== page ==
Presidents of Israeli universities released a joint letter Friday criticizing the government’s decision to withhold the country’s most prestigious prize from a scholar over his political views, saying it “severely harms free speech and free thought.”
Israel’s top court on Thursday upheld Education Minister Yoav Gallant’s move to temporarily block Oded Goldreich from receiving this year’s Israel Prize in mathematics and computer science over claims he supports the Palestinian-led international boycott movement targeting Israel, allegations he denies.
“Denying a person a prize due to their political beliefs contradicts the basic principle of the Israel Prize and severely harms free speech and free thought,” the letter said. “Your decision creates the difficult impression that only those who ‘toe the line’ will be rewarded, and anyone who dares express a political opinion outside of the consensus will be punished.”
The letter said the presidents do not endorse Goldreich’s political views but that he should be able to express them “without fear.”
The letter was addressed to Gallant, a member of Prime Minister Benjamin Netanyahu’s Likud party, who defended his decision to refuse to sign off on the prize — something that is usually a formality.
Gallant tweeted Friday that Goldreich’s alleged support for the boycott movement “spits in the face of the state of Israel” and may violate laws against such activity. He said authorities needed time to determine whether Goldreich’s rejection of the boycott movement is “sincere.”
“Someone for whom the State of Israel and its laws are not dear to their heart is not worthy of the Israel Prize,” Gallant said.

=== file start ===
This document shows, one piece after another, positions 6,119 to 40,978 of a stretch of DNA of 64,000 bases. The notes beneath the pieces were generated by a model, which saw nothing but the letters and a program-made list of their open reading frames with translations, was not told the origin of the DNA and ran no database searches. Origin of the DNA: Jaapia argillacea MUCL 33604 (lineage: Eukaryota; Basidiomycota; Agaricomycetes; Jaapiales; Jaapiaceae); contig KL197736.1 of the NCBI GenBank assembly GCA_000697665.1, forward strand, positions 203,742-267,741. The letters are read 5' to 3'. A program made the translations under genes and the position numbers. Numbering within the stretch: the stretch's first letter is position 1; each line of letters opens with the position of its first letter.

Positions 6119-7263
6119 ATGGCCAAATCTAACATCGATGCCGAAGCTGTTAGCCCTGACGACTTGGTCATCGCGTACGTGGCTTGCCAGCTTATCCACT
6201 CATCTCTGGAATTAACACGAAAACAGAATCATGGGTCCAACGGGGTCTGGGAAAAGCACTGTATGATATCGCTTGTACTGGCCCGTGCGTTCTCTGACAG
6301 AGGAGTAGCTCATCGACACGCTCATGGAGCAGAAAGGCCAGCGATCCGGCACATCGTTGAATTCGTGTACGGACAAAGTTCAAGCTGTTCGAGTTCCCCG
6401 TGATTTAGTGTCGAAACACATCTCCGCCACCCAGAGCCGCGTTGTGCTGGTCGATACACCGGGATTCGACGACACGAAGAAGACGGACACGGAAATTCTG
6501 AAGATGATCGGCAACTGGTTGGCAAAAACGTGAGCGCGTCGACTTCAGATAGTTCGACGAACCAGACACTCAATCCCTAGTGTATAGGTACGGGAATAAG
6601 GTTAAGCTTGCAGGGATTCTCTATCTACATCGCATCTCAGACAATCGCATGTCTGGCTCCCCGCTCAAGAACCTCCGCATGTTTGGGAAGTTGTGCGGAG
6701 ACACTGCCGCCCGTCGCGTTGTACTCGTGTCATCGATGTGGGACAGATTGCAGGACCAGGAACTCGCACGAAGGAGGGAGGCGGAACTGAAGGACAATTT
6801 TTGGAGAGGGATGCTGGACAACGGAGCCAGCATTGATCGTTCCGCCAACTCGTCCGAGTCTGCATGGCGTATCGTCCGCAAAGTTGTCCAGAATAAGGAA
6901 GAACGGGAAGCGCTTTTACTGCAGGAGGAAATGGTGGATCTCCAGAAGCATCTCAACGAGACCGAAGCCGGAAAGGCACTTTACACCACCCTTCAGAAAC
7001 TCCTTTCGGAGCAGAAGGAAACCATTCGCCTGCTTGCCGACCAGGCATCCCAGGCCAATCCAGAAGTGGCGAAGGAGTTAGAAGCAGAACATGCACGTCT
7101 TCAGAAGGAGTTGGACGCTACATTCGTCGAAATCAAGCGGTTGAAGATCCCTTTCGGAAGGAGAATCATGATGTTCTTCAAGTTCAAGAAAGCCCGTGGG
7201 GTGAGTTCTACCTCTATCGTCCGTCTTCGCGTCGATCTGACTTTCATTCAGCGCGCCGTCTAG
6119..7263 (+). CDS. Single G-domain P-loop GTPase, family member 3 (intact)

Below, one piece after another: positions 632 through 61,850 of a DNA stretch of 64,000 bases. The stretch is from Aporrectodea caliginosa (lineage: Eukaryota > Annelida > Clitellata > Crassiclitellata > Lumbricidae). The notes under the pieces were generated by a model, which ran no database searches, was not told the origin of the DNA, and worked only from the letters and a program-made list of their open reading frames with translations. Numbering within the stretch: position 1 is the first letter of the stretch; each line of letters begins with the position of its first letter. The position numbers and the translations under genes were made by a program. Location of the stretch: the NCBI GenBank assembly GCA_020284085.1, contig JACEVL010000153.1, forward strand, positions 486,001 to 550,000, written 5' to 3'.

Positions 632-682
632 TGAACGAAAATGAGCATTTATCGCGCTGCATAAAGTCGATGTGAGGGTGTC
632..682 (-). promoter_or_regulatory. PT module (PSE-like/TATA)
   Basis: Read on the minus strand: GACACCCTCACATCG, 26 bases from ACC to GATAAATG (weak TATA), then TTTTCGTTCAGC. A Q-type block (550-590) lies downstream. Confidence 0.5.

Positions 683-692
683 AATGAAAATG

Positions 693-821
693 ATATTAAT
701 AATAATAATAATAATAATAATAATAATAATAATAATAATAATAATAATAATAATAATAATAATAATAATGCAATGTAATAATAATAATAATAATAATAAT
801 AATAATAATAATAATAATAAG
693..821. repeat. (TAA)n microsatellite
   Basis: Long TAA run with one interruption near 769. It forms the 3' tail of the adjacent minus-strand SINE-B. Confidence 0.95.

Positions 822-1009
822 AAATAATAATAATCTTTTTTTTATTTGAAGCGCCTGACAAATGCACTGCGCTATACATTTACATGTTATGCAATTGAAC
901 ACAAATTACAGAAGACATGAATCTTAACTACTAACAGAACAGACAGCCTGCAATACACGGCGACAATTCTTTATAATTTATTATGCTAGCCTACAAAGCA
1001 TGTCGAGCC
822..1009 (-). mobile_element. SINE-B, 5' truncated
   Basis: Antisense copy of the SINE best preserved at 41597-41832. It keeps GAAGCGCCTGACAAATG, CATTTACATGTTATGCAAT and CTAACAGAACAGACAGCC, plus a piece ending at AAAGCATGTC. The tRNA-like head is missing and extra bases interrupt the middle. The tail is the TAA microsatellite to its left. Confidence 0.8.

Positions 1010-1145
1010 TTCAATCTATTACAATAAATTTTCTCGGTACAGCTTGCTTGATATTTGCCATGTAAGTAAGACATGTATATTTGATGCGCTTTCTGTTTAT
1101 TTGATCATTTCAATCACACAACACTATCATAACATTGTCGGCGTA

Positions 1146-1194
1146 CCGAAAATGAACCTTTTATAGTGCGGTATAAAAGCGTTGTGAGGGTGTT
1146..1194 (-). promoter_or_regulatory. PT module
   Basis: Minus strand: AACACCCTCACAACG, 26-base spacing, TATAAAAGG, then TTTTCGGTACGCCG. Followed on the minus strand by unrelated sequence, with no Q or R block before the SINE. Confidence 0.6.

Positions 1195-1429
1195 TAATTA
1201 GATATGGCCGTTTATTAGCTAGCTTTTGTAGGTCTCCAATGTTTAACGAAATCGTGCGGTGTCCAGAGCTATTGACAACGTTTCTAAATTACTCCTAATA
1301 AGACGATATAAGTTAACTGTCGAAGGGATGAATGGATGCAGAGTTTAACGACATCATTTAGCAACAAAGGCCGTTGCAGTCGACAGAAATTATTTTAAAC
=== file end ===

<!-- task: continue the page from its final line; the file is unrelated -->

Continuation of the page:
Last month, Goldreich and hundreds of other academics signed a petition calling on the European Union to halt funding for Ariel University, which was established inside a settlement of the same name in the West Bank. The scholars said it legitimized settlement activity, which is seen by the Palestinians and much of the international community as an obstacle to peace.
Goldreich, a professor of computer science at Israel’s Weizmann Institute, has said he does not support the boycott movement against Israel but objects to building settlements.
In Thursday’s ruling, the court gave Gallant 30 days to reach a decision about awarding the prize to Goldreich, in effect blocking him from receiving the recognition at next week’s ceremony. The court said he could be awarded the prize at a later date.
The international movement for boycotts, divestment and sanctions against Israel, known as BDS, models itself on the campaign against apartheid South Africa. Israel views BDS as an assault on its very existence, pointing to the extreme views of some supporters and the movement’s refusal to endorse a two-state solution.
According to a television report last month, Gallant asked the committee for selecting a winner to reconsider its decision to grant the prize to Goldreich over his signing of a 2019 letter calling on Germany’s parliament not to pass legislation denouncing BDS as anti-Semitic. The Channel 12 news report said it was also claimed Goldreich called Israeli soldiers “war criminals.”
The prize’s mathematics and computer science committee said Thursday it was dismayed that the award had turned into “a political playing field, and that the regulations of the prize are not being upheld by the education minister.” It called on the High Court of Justice to ensure that Goldreich receives the prize.
The High Court has previously rejected petitions against awarding the prize to certain candidates, including last year when it was awarded to Rabbi Yaakov Ariel, who has made disparaging comments about LGBT people.